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Cai - Más Allá De Nuestras Mentes Diminutas CD (album) cover




Symphonic Prog

3.52 | 31 ratings

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Cesar Inca
Special Collaborator
Honorary Collaborator
4 stars With "Más Allá de Nuestras Mentes Diminuta", Cai made quite a big entry in the world of Southern Spain's progressive movement. This work has some of the typical lack of inner cohesion and overall direction that you might usually expect from the majority of debut albums, yet it also ostensibly portrays the talents of all individual members and of the band as a whole. There are some variations in the CD's tracklist depending on the release (before an official edition graces our prog rock stores, which is long overdue). My copy has the following sequence: 'Alameda' - 'Más Allá de Nuestras Mentes Diminuta' - 'Solución a un Viejo Problema' - 'Pasa un Día'. The opener 'Alameda' brings some of the best that Cai had to offer during their first era: after kicking off with a 2.30 Floydian intro, the main motif emerges with a solid combination of Andalusian stuff and hard rock prog, on a robust yet not too frantic tempo. The instrumental coda brings an exciting air of Flamenco-tinged jazz fusion that somehow feels a bit too short after it's concluded. Then comes the title track, more focused on the jazz thing: to a high degree, influenced you their Northern compatriots of Iceberg as well as Weather Report, the Andalusian aura remains a solid ingredient in both the melodic lines and effective arrangements. A special mention has to go to guitarist Paco Delgado's precise delivery - a great closure, indeed, for a great track! This element comes to its fruition in the 3/4 sung coda, which sounds to me like a mixture of "Hijos del Agobio"- era Triana and vintage Genesis. The first half turns out to be the album's best part, since what follows somewhat breaks the cohesive spirit that had been so fluidly and softly delivered. 'Solución a un Viejo Problema' is set on the path of standardized melodic symphonic prog, in the shape of a prog power ballad. The coda that occupies the last 2 minutes is a space-rock meets jazz-rock instrumental travel constructed as some sort of compromise between "Wish You Were Here"-era Pink Floyd and classic Caravan. This ending portion is really exciting, but it does not manage to make the overall song exceptional. The 10+ "Pasa un Día" closes down the album in a most impressive way: it was to become one of the most celebrated staples in the band's gigs. Yes, it's a very good song, showing Cai at their rockiest, once more exorcising their Floydian ghosts. The string synth and organ layers dominate the main colours of the main picture during the sung parts (which may remind the listener of Bloque). The instrumental interlude that starts at minute 3 initially brings back some of the jazzy thing that became the band's real forte (amazing solo by keyboardist Sebastián Domínguez), until an ethereal sub-interlude anticipates the return of the rocky main motif. The 3-minute coda turns into a typical Andalusian flavoured amalgam (in parallel to Mezquita), sustained under an almost tribal drumkit vibe Let me tell you how well the rhythm section works during the transitions: a well oiled device within an amazing machine. 'Pasa Un Día' is certainly delicious, yet it epitomizes both the strong and the low points that the band was carrying on their back by then: great musical imagination, great complementation, not 100 % cohesive, with some things to work out regarding the artistic direction. My personal mark for this album lies somewhere between 3.5 and 4 stars: much more than good, almost excellent. In short "Más Allá de Nuestras Mentes Diminutas" is a testimony of the growing peculiar genius of Cai.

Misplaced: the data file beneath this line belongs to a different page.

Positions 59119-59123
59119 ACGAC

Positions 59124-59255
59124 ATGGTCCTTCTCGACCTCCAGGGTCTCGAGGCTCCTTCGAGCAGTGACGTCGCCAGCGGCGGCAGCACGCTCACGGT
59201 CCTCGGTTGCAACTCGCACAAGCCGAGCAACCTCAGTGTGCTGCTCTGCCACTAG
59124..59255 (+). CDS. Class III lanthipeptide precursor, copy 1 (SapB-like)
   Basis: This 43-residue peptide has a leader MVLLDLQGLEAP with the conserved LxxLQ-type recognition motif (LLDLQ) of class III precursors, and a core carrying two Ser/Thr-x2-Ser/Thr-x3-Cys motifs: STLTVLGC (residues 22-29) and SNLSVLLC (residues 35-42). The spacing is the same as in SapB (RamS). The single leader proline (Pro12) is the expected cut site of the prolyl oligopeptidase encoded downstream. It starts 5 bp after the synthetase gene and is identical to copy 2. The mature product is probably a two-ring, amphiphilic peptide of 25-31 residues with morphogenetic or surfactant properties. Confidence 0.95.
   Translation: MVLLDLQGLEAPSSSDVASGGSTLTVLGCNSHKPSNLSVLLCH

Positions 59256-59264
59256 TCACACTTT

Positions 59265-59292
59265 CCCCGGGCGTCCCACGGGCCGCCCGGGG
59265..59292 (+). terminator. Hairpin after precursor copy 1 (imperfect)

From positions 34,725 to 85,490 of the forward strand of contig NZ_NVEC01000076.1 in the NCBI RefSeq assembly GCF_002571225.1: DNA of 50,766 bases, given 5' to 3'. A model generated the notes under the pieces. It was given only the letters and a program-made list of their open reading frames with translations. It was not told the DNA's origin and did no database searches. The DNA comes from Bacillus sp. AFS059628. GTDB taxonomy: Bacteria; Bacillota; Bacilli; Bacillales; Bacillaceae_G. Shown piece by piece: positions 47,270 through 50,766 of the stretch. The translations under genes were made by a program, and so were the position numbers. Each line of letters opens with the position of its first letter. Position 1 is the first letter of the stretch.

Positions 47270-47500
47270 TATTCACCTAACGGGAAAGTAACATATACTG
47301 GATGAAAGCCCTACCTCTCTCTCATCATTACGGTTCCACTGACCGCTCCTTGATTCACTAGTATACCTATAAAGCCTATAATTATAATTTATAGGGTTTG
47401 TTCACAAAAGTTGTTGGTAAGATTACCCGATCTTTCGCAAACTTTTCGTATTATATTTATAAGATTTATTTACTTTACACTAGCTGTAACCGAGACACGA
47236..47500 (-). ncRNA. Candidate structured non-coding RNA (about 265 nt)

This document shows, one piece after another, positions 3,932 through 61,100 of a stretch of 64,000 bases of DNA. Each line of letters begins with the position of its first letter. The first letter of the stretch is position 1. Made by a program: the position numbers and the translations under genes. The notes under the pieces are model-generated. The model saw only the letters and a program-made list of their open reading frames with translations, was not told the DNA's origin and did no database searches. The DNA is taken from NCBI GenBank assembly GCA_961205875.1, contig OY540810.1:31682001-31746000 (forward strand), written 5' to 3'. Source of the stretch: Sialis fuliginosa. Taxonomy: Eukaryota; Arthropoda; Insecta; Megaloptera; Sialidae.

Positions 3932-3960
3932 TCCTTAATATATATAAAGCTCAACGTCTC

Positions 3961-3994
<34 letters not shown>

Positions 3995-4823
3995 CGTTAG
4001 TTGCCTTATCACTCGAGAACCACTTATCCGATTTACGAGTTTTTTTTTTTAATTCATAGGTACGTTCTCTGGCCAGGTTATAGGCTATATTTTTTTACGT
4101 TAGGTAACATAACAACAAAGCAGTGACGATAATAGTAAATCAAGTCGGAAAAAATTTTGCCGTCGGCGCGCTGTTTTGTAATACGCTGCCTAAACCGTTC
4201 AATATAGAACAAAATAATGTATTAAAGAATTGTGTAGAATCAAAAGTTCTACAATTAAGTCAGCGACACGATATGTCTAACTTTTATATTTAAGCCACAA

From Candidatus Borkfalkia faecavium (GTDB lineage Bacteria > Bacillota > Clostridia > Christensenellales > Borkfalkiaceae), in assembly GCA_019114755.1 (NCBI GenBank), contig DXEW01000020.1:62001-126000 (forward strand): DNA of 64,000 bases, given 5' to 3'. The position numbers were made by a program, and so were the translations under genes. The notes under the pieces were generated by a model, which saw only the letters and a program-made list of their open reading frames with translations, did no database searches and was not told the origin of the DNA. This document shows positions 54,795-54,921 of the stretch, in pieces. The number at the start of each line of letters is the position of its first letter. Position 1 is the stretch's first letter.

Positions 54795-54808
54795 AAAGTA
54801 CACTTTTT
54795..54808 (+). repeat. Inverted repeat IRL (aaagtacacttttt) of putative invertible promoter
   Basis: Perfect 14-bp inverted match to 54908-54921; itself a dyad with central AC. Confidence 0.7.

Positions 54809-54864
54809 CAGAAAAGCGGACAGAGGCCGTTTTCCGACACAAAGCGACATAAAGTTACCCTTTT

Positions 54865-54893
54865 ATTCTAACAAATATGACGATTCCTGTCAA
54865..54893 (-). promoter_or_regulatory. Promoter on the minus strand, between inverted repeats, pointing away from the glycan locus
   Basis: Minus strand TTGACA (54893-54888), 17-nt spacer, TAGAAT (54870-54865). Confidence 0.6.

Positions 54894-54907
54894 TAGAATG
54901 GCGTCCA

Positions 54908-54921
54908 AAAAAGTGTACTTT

Cesar Inca | 4/5 |


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